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Episode 4: Finding the Value in Metal Recycling

In our latest episode of Unpacking Recycling with Charlotte, we cover all things metal. From what to do with those little tabs on metal cans and K-cup lids, to whether it is better to buy metal vs. plastic packaging, Charlotte answers your most pressing questions and offers helpful tips.

Liz Bothwell

March 8, 2022

In our latest episode of Unpacking Recycling with Charlotte, we cover all things metal. From what to do with those little tabs on metal cans and K-cup lids, to whether it is better to buy metal vs. plastic packaging, Charlotte answers your most pressing questions and offers helpful tips.

Here is a glimpse into the insightful chat:

Waste360: Metals are certainly a valuable resource. So, let’s dig into this topic!

Dreizen: Yes, it’s such an exciting topic, and metals are a material people feel strongly about and equate with infinite recyclability—and it’s true. We can recycle it again and again with little to no degradation. It’s really incredible to think, for instance, that the steel we’ve used over the past century, the majority of it is still in use.

Waste360: What are people getting right—and wrong—about metal recycling?

Dreizen: When folks think about metal and whether it can be recycled, a lot of people think, “It’s made of metal; it’s a valuable material and a recycling commodity”—and of course that’s true, but unfortunately not everything made of metal can be put into that blue bin. Every once in a while here in D.C. I’ve seen a golf club put into a bin—but unfortunately that size and shape is just something our recycling facilities can’t handle. Likewise, some metal components like keys or coins—people are always curious about whether these can be recycled—and we know these are just too small, unfortunately, to be recycled in our curbside system. But, some hardware stores may have dedicated programs to take keys back and recycle them, which is really wonderful.

Waste360: Can you share some tips to help people do a better job with their metal-recycling efforts?

Dreizen: One strategy revolves around how you pack down metal. A lot of people will squish aluminum foil down into a tiny ball, really compress it as far as they can, and then toss it in the blue bin. I appreciate the sentiment that, “I want to save space in my blue bin and recycle everything I can,” but something like an aluminum foil ball is often just too small to be handled at the recycling facility. So, what I recommend folks do is to keep things to at least the size of a baseball. You can pack the aluminum foil down; you just don’t want to make it so small.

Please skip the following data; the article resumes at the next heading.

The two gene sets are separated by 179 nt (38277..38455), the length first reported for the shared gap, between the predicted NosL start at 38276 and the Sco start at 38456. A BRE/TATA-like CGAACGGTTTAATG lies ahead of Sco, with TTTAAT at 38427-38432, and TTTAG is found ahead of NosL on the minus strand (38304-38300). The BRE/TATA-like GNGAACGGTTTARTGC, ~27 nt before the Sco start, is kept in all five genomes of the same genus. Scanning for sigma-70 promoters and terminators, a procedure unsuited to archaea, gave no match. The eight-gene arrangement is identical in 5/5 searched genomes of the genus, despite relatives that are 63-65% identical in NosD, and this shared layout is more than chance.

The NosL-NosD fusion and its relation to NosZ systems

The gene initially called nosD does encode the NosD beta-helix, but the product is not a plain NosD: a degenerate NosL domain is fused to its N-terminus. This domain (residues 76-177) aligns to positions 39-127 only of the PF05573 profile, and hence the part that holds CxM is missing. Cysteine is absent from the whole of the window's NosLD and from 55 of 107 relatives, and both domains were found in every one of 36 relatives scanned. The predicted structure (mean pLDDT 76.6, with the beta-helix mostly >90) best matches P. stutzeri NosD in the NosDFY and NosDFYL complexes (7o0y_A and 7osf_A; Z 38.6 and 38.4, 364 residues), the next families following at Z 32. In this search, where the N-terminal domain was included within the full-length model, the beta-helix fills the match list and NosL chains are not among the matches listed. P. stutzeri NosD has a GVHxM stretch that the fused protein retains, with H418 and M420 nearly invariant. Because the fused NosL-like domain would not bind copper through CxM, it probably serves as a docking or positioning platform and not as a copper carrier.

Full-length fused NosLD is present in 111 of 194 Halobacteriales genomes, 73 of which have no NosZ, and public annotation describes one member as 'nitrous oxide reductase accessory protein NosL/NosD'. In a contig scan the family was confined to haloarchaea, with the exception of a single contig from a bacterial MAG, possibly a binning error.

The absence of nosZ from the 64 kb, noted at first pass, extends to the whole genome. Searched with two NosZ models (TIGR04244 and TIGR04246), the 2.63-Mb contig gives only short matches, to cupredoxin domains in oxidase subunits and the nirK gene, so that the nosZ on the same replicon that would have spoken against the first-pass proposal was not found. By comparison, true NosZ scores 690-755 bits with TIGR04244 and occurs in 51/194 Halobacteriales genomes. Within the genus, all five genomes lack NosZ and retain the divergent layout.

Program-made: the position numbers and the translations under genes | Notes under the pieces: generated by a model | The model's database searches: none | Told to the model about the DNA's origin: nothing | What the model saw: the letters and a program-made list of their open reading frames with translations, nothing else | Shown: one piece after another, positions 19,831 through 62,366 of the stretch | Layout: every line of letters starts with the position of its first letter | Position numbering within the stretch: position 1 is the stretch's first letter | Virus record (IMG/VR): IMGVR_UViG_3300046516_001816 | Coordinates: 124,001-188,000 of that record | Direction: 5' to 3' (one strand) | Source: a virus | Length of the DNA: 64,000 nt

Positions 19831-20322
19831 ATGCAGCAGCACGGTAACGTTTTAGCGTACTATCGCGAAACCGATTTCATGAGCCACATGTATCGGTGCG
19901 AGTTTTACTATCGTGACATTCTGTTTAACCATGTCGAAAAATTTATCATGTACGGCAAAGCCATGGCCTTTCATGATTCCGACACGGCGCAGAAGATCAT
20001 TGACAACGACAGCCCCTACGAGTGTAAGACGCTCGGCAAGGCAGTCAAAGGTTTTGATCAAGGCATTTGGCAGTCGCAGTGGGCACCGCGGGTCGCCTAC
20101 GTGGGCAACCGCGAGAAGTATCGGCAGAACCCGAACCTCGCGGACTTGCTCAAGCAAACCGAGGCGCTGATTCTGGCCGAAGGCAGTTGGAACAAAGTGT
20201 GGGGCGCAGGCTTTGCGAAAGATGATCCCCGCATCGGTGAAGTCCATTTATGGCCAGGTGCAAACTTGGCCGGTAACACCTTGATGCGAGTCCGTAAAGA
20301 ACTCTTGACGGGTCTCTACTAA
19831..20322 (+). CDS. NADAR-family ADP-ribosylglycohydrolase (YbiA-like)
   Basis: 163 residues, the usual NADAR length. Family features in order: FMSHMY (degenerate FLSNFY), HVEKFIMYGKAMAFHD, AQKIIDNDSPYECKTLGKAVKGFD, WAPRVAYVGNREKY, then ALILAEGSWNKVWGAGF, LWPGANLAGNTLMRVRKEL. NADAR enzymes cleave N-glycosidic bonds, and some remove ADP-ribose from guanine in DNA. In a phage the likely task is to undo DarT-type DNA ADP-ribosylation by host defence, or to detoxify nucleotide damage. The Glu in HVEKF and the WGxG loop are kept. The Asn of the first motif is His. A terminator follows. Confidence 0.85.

Also: the tabs on aluminum cans…these are too small on their own, so you’d want to toss these back into the can before putting it all in the blue bin. Also, a can lid…if you can keep it attached when you open the main container, that is helpful. I also get a lot of questions about how clean metal containers need to be when they do into the bin. And, because metal is heated to such a high temperature, we have a little more leeway than when we’re recycling, say, plastic. 

Waste360: What is the question you get most often about metal recycling?

Dreizen: I think what I get asked most has to do with packaging that has some metal but isn’t made primarily of metal. For instance, the aluminum foil tops on coffee pods. We know that is of course too small, and I share with folks that—while those lids would be recyclable if they could be saved and rolled up into a ball that is large enough—alone it’s too small.

About the Author(s)

Liz Bothwell

Head of Content & Marketing, Waste360

Liz Bothwell is head of content and marketing for Waste360, proud host of the NothingWasted! Podcast, and ghostwrites for others to keep her skills sharp and creative juices flowing. She loves family, football, her French bulldogs, and telling stories that can help to make the world a more sustainable place.

Follow her on Linkedin or Twitter

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